FRED BEVER, BYLINE: Jeff Putnam has lived on the island of Chebeague, not far from Portland, all his life. Like his father, he’s a lobsterman, and he recently bought a boat big and powerful enough to allow him to set lobster traps way offshore right through the winter.

JEFF PUTNAM: I invested more in my boat than I invested into my house (laughter).

BEVER: But over the years, Putnam’s witnessed change in the seas around him – the closure of cod and shrimp fisheries, the decimation of lobster populations to the south. He’s worried that as the waters continue to warm, Maine’s lobster population could crash, too, ending a way of life for him and his three young children.

PUTNAM: Hopefully, the lobster resource will still be strong when they grow up, but there’s certainly no guarantee that’s the case. So I wanted to show them that there is another way to make a living, to stay on this island that I love.

Maine Lobstermen Diversify into Oysters

(SOUNDBITE OF WATER SPLASHING)

Maine oysters - Maine Lobstermen Forced To Diversify Their Work As Coastal Waters Warm.
Maine oysters – Maine Lobstermen Forced To Diversify Their Work As Coastal Waters Warm.

BEVER: That’s why in this little island estuary, he’s anchored dozens of wire cages in the waterway and filled them with oysters.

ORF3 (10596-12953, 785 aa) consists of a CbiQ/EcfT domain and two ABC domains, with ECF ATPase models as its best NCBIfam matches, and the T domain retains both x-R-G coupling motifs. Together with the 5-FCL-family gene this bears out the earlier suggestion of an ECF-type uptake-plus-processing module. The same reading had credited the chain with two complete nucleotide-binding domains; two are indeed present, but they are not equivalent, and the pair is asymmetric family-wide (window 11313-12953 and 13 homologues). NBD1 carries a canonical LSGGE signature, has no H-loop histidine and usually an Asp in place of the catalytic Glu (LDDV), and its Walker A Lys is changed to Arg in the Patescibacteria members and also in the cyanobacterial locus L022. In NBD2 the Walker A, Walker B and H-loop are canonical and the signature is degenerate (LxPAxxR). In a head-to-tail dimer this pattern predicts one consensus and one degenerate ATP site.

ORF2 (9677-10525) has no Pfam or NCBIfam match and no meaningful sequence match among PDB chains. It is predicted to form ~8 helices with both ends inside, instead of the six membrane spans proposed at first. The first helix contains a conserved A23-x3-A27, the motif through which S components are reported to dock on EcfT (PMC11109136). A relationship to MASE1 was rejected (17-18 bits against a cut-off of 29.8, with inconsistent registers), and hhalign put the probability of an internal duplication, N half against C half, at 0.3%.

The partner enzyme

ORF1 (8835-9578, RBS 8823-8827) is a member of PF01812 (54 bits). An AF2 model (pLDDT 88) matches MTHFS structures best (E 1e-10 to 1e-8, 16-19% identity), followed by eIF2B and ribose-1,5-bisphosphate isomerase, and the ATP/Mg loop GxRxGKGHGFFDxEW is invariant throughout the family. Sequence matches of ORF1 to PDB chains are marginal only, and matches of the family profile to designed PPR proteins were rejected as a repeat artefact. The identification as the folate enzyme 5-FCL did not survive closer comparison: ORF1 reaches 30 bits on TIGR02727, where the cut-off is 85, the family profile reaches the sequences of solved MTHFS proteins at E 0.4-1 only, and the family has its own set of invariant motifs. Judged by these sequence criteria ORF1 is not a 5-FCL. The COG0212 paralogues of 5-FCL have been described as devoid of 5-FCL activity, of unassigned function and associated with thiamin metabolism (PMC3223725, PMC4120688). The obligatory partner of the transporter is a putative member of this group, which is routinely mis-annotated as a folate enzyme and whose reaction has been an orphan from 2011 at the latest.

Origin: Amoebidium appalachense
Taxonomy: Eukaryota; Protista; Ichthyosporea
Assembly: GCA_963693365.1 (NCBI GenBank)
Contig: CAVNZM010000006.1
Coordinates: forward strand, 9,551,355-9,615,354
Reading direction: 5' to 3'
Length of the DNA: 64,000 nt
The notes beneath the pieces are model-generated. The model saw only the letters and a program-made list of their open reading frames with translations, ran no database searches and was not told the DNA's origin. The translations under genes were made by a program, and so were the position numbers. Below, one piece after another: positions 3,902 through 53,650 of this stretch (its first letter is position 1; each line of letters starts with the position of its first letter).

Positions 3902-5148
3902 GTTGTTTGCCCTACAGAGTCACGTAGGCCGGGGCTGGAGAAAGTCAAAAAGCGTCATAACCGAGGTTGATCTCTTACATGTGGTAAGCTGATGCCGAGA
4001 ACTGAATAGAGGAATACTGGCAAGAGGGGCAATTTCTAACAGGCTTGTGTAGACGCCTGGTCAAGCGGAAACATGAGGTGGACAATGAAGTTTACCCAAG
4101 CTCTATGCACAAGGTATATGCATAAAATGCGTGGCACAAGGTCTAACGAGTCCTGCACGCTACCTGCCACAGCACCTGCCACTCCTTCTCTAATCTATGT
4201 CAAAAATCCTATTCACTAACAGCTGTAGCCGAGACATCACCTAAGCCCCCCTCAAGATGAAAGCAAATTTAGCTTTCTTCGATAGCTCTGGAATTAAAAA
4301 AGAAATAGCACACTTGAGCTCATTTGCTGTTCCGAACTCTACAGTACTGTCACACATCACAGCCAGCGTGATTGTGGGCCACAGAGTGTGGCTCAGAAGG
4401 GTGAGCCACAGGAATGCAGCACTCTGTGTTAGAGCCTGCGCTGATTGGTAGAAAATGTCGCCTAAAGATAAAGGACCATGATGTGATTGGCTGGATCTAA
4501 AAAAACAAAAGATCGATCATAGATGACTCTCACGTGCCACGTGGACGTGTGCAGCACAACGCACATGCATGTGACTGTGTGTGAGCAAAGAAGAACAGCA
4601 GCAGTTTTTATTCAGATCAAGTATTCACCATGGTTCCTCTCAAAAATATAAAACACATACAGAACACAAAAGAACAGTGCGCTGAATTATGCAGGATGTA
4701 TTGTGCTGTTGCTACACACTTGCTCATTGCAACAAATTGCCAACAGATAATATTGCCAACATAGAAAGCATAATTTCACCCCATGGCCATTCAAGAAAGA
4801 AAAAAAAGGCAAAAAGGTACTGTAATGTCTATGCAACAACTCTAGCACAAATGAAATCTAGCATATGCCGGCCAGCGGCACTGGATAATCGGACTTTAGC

PUTNAM: This one here is probably 2 years old, I would guess. Looking at the shell, you can see the first year growth, and then all this fingernail-looking growth on the end is from this year.

BEVER: This winter, Putnam’s lobster boat will take on a new duty – hauling mature oysters to the mainland, where they should fetch 70 cents or so apiece.

PUTNAM: And with the water being warm and the oyster stuff seeming to do well with these warmer waters, that seemed a natural fit.

BEVER: Lobstermen up and down Maine’s coast are trying out sidelines in aquaculture – oysters, scallops, even seaweed. Yet, these crops, too, may be at risk from the effects of climate change.

BILL MOOK: There is real money at stake, and it’s already costing us.

BEVER: Bill Mook runs one of several booming oyster farms located in a fertile estuary of Maine’s MidCoast. He says a costly challenge is emerging – increasingly intense rain events that send polluted runoff into the estuary and shut down the harvest for days.